To a Visigoth, the quest for knowledge is useless unless it can help you to earn money or to gain power over other people.

To a Visigoth, one word is as good as another, one sentence indistinguishable from another. A Visigoth's language aspires to nothing higher than the cliché.

The modern Visigoth cares very little about [tradition or social restraint]. The Visigoths think of themselves as the center of the universe. Tradition exists for their own convenience, good manners are an affectation and a burden, and history is merely what is in yesterday's newspaper.

A modern Visigoth is interested only in his own affairs and has no sense of the meaning of community.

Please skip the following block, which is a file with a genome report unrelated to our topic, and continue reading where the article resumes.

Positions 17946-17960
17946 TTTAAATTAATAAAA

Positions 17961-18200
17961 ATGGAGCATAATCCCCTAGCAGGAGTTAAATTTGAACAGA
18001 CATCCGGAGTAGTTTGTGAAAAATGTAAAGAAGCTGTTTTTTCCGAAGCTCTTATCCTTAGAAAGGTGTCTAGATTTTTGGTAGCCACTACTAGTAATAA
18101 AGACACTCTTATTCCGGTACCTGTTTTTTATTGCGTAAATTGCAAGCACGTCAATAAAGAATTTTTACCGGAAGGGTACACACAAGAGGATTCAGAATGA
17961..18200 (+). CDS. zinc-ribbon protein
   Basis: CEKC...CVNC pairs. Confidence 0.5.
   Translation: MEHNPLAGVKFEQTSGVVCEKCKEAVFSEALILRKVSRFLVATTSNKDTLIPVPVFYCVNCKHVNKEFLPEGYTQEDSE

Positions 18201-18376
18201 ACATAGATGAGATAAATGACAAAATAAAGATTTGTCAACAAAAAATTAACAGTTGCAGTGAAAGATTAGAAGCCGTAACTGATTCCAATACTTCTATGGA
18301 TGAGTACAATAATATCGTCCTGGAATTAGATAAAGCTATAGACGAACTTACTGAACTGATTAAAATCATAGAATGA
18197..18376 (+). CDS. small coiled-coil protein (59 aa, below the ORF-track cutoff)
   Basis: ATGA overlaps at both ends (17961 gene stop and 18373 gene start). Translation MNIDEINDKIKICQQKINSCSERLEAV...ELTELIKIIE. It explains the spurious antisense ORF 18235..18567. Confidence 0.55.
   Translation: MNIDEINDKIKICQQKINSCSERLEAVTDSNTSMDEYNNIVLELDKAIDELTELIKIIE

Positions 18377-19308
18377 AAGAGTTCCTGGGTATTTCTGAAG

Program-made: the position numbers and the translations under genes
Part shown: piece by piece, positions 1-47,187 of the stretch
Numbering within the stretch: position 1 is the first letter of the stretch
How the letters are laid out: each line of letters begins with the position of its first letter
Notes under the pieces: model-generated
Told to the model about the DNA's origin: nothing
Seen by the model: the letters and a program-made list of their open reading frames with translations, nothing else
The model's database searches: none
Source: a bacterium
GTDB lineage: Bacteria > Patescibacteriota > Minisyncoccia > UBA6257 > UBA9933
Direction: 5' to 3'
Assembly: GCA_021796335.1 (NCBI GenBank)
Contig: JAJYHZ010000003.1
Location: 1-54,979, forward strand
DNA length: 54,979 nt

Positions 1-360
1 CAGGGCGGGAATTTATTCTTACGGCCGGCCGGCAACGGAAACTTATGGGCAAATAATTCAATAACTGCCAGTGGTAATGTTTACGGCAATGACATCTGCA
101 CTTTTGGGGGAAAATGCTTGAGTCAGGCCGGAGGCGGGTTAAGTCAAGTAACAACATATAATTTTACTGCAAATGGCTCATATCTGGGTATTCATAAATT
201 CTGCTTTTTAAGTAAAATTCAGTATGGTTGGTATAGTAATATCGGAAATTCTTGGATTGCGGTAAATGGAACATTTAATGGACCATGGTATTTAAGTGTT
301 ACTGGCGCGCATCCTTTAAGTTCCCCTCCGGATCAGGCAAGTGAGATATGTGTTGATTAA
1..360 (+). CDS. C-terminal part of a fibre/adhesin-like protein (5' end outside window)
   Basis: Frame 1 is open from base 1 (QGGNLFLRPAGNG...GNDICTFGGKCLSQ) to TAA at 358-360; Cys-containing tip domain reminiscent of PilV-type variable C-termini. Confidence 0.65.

To a Visigoth, there is no measure of artistic excellence except popularity. What catches the fancy of the multitude is good. No other standard is respected or even acknowledged by the Visigoth.

Now, it must be obvious what all of this has to do with you. Eventually, like the rest of us, you must be on one side or the other. You must be an Athenian or a Visigoth. Of course, it is much harder to be an Athenian, for you must learn how to be one, you must work at being one, whereas we are all, in a way, natural-born Visigoths. That is why there are so many more Visigoths than Athenians. I can wish for you no higher compliment than that in the future it will be reported that among your graduating class the Athenians mightily outnumbered the Visigoths.